Last week, I left an Imax cinema not fully understanding a movie yet feeling inspired. It was the science fiction movie, ‘Interstellar’. I knew, hearing the excited chatter among the friends I saw the film with, that like ‘Inception’, this movie would generate a lot of talk. Especially on which part of the film is science and which part is fiction. Each time we look up to the sky, most of us have accepted the unknown as the unknown. That there are no absolute answers. But some of us continue to question. And some of us go beyond the questions to explore. The mysteries of the universe have a parallel to the meaning of life. Our existence, our journey and the meaning of it all. At the heart of ‘Interstellar’ is a moving story about the bond between father and daughter. I was overwhelmed by all the science, some real, some fiction, but I was blown away by the emotions between parent and child, all real.
As I said, I was inspired. That a film with a subject matter I am almost alien to can touch me on so many levels. Just a few days before watching this movie, I was asked by a journalist about how Singapore films could travel better. To this proverbial question, I would have shrugged my shoulders or given the standard answer of local subjects with universal themes. This time, I answered with a passion that is both old and new. ‘Ah Boys To Men’ did well locally but did not travel. ‘Ilo Ilo’ was sold to many countries but did not perform well in foreign markets. Is it the subject matter of Singapore films that audiences beyond our shores cannot fully understand? ‘Interstellar’ is proof you don’t need to completely comprehend a film’s subject matter. There are many more examples where the subjects may be difficult to relate to but other aspects of the film transcend all barriers. In fact, the subject in many films is incidental to the themes, characters or premise.
For the longest time, the weakest link in our local film industry has been attributed to our small market. While that is undeniable, it is in many ways, not the point. If we just focus on our small market, we will lose the plot, so to speak. To me, and many in the film industry who care to admit, our biggest problem has to be our lack of focus on the script. Not enough resources and time have been given to this aspect of filmmaking. What constitutes a good script is subjective but there needs to be a certain reverence to it, because everything begins and ends with the script. Everything is derivative of the script. The director directs the script. The actor acts out the script. The producer produces the script. Our market is not matured, so funding has always been the primary focal point. There is almost this idea that if the money can be found, everything else can be resolved. This mentality has to change. When there is a good script, producers worth their salt should be able to find money and talents for it. But it starts with the script. What is compelling about the story that it begs to be told?
Yet I feel the winds of change blowing. Some filmmakers had been inactive for several years, but they are now behind some of the most exciting projects in preproduction and production. These projects have been in development for a few years. It follows that the scripts for these projects are given the necessary time and resources to go through the rounds of changes to get the acts, characters and plot details right. Kelvin Tong who went to Hong Kong, is directing a new movie, ‘The Faith Of Anna Waters’, with a fresh mix of local and foreign talents. Roystan Tan’s last feature was seven years ago. He is now directing ‘3688’. Eric Khoo finally gets to make the erotic film he has been talking about for nearly a decade, ‘In The Room’ which is financed by a Hong Kong firm. Boo Junfeng is directing his second film ‘Apprentice’, a movie about capital punishment. His script has been discussed in workshops around the world for over three years. Anthony Chen is writing his next feature, albeit fastidiously.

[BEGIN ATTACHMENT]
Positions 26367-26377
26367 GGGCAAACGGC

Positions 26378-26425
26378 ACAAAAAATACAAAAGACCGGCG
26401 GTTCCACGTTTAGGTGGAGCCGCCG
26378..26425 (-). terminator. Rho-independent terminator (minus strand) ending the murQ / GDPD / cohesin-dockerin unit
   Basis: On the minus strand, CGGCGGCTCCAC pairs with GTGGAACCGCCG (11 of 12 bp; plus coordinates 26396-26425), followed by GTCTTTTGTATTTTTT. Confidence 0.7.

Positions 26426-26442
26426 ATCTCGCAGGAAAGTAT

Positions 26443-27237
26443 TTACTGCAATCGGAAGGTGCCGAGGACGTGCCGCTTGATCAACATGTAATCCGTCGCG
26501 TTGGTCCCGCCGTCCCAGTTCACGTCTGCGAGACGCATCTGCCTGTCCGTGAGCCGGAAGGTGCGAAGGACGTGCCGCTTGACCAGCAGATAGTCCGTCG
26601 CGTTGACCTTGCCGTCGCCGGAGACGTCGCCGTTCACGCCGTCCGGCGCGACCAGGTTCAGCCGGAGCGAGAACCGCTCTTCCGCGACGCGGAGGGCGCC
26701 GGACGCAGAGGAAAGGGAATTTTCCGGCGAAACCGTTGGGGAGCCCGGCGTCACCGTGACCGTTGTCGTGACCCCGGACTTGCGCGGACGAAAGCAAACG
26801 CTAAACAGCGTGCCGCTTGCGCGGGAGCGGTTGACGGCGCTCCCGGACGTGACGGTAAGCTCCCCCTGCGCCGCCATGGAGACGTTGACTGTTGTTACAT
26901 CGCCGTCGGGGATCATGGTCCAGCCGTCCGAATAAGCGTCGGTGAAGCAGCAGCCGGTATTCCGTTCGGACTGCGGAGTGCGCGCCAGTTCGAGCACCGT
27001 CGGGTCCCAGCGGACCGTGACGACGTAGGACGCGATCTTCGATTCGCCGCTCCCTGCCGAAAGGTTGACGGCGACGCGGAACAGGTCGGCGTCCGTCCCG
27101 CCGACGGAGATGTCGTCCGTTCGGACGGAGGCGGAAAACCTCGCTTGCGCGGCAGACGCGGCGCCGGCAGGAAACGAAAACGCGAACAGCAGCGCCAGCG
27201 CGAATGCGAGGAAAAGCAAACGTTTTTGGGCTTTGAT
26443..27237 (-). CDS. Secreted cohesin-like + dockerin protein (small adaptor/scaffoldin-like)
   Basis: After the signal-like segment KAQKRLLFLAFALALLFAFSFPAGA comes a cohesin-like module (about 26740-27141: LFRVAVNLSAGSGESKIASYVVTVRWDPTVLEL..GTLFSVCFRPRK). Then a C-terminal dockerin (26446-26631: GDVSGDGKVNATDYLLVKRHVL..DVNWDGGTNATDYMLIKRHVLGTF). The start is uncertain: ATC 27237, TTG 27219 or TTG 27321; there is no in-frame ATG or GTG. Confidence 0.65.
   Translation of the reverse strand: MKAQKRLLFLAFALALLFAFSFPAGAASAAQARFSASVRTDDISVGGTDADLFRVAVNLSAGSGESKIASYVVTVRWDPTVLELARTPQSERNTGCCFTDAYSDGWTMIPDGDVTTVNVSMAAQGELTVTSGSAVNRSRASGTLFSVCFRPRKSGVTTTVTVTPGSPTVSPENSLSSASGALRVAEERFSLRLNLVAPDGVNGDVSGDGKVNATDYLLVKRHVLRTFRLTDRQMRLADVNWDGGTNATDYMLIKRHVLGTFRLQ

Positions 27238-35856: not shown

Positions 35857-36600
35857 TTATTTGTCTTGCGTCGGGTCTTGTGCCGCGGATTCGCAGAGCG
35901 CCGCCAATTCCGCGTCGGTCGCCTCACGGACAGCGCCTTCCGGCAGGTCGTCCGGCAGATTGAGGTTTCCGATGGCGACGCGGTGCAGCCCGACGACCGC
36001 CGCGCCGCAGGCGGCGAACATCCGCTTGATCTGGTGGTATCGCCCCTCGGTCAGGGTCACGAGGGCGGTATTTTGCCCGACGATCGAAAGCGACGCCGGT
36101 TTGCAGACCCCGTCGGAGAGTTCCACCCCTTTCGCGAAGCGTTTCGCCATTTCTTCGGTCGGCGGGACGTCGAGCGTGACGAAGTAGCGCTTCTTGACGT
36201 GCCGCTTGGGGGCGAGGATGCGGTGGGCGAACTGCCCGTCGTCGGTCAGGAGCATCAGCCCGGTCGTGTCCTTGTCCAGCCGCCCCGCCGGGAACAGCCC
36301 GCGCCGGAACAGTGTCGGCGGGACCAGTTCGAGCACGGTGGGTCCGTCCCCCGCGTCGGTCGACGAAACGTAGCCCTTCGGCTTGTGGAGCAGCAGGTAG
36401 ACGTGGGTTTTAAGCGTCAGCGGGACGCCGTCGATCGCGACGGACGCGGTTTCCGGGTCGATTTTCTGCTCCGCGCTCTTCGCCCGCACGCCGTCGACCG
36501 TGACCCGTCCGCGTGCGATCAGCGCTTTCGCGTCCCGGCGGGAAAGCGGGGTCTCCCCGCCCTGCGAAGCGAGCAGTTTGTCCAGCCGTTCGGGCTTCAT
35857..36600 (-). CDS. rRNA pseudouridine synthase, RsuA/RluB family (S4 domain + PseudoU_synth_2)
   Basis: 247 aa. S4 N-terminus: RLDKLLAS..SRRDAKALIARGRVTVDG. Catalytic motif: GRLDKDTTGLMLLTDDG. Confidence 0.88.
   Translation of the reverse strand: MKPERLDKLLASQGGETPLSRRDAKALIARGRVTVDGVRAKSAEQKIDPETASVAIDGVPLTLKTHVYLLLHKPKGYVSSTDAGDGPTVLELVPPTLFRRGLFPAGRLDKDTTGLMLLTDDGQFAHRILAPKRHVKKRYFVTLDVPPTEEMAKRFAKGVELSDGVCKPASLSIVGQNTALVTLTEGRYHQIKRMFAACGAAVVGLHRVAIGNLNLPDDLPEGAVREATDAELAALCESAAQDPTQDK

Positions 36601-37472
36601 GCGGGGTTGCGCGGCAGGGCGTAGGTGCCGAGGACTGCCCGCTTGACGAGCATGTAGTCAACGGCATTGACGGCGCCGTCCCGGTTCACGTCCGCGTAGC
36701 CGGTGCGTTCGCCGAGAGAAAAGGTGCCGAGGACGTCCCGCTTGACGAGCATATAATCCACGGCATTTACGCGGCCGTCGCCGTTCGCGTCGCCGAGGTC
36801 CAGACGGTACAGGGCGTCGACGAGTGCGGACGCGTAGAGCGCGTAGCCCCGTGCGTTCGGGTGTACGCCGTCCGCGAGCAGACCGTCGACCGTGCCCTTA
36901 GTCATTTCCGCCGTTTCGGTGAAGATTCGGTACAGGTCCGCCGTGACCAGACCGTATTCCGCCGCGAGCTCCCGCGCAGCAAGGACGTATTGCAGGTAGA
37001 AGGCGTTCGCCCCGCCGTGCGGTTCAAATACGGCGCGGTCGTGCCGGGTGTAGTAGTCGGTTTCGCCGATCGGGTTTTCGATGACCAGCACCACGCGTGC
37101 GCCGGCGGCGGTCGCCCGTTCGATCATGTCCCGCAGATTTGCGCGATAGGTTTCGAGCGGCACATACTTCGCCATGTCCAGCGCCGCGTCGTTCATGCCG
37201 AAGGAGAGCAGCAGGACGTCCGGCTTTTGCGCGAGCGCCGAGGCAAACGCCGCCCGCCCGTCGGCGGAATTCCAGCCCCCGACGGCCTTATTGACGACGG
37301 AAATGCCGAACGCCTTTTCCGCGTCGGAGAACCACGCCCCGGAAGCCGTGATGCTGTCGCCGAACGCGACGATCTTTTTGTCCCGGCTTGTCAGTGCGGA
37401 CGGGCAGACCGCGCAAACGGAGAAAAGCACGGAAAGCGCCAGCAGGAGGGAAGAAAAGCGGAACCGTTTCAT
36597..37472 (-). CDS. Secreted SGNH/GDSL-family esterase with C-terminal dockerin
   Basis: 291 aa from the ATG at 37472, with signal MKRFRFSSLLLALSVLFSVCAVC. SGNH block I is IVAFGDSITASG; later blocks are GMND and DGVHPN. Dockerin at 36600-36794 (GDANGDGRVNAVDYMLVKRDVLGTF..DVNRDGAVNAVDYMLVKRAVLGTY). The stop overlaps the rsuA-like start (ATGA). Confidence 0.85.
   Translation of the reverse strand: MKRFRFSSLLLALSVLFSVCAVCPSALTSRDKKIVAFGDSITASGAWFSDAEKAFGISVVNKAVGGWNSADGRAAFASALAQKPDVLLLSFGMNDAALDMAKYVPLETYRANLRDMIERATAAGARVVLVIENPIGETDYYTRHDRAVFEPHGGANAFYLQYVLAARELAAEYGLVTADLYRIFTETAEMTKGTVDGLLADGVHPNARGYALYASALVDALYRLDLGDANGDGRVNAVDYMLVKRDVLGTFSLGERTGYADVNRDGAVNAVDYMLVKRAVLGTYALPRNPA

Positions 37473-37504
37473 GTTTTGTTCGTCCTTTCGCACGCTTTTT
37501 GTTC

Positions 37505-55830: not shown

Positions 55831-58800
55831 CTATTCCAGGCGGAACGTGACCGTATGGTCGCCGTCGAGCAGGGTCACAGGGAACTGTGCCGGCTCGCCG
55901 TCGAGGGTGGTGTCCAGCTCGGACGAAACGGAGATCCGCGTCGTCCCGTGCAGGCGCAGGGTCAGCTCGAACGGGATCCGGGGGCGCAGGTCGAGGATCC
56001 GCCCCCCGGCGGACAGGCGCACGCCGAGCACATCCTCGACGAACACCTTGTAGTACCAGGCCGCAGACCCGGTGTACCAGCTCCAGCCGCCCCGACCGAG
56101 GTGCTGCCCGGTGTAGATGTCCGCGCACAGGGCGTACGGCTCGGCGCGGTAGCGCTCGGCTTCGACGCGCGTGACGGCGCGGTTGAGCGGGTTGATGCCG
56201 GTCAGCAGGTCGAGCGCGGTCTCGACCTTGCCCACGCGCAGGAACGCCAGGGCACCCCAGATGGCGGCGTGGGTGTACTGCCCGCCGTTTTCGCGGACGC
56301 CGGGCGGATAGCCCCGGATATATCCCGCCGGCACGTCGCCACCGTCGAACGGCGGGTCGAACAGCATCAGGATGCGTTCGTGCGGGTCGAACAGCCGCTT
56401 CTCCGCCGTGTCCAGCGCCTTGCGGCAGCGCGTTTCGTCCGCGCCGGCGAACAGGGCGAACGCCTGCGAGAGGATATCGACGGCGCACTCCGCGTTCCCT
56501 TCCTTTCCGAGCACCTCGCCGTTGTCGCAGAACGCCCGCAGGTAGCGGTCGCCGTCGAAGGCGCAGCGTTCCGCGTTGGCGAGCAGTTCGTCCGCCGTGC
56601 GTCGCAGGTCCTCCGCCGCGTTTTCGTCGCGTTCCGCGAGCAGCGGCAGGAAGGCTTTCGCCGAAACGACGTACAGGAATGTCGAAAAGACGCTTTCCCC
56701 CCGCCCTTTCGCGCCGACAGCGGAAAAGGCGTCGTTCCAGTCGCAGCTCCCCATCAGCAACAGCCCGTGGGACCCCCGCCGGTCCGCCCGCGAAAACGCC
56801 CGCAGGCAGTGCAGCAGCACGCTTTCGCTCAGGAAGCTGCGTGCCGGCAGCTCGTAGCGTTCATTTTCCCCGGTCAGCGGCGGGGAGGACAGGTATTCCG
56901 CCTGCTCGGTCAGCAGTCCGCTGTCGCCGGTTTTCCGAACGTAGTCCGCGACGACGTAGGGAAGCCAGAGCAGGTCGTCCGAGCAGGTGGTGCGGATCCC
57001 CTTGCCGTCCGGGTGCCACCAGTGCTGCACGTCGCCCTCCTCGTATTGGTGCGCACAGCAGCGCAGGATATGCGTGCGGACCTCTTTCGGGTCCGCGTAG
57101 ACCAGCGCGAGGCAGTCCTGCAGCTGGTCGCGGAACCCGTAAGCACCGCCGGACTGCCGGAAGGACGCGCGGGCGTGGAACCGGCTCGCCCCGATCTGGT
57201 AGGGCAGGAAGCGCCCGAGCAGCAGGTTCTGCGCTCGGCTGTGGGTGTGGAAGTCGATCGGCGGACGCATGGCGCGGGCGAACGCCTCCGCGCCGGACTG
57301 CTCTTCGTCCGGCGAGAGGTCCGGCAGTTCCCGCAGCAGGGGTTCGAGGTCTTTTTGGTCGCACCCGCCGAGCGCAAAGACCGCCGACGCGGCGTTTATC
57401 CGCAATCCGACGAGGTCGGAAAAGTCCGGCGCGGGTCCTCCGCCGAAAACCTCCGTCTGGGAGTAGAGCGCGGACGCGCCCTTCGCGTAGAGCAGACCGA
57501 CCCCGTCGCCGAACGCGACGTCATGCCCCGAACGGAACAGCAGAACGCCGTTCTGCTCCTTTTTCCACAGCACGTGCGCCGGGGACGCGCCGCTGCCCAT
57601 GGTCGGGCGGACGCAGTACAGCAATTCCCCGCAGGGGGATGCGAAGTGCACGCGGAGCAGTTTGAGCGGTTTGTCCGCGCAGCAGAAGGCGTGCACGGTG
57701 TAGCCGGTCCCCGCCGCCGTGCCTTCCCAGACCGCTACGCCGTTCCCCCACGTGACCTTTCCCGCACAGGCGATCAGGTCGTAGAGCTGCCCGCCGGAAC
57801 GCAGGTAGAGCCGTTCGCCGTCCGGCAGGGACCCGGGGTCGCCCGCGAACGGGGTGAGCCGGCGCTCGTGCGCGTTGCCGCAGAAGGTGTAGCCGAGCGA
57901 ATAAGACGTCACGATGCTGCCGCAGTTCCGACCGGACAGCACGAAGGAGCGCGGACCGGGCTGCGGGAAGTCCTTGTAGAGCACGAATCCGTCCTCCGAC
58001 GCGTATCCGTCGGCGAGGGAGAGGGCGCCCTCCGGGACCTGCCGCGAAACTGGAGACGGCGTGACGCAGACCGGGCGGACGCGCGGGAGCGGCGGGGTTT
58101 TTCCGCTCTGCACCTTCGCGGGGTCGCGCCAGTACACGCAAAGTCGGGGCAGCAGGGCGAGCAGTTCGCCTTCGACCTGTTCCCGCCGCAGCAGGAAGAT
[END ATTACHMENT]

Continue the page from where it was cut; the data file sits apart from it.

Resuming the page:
And I am now producing and co-directing ‘1965’, a personal pet project in the making for almost five years. It was only about a year ago that I finally felt I had the right premise, one that could be developed into a mainstream film, with themes and characters that are relatable to people staying in any part of the world. When good scripts are made into films, they inspire good writers to join the industry and pave the way for better and better writing as a whole. Directors, actors, producers, and even investors, will understand the need for both time and resources to do research, to get the characters and dialogue real to the settings, to get the plot lines plausible yet unpredictable. Christopher Nolan said it was not as important to understand his movies as it was to feel them. A film needs to be felt more than understood.
Watching ‘Interstellar’, I was floored emotionally that for the protagonist, the risk of piloting a mission to save his children’s future is the possibility he will never see them again. Matthew McConaughey’s performance is the conduit to the feelings Nolan wants viewers to bathe in – empathy for a space and time traveler who is, above all, a father. While I immerse myself in the cosmic spectacle, while I marvel at the stunning visuals and convincing performances, what I am ultimately connected to in the film are the human sacrifice, courage and love. And these are the same elements a Singapore film can have even when our budgets, expertise and resources limit us from tackling the more ambitious narratives and visions of bigger markets. One day, hopefully in the not-so-distant future, I’ll see a Singapore film inspiring someone in a distant country, unravelling a universal truth about the human existence from this small market that could.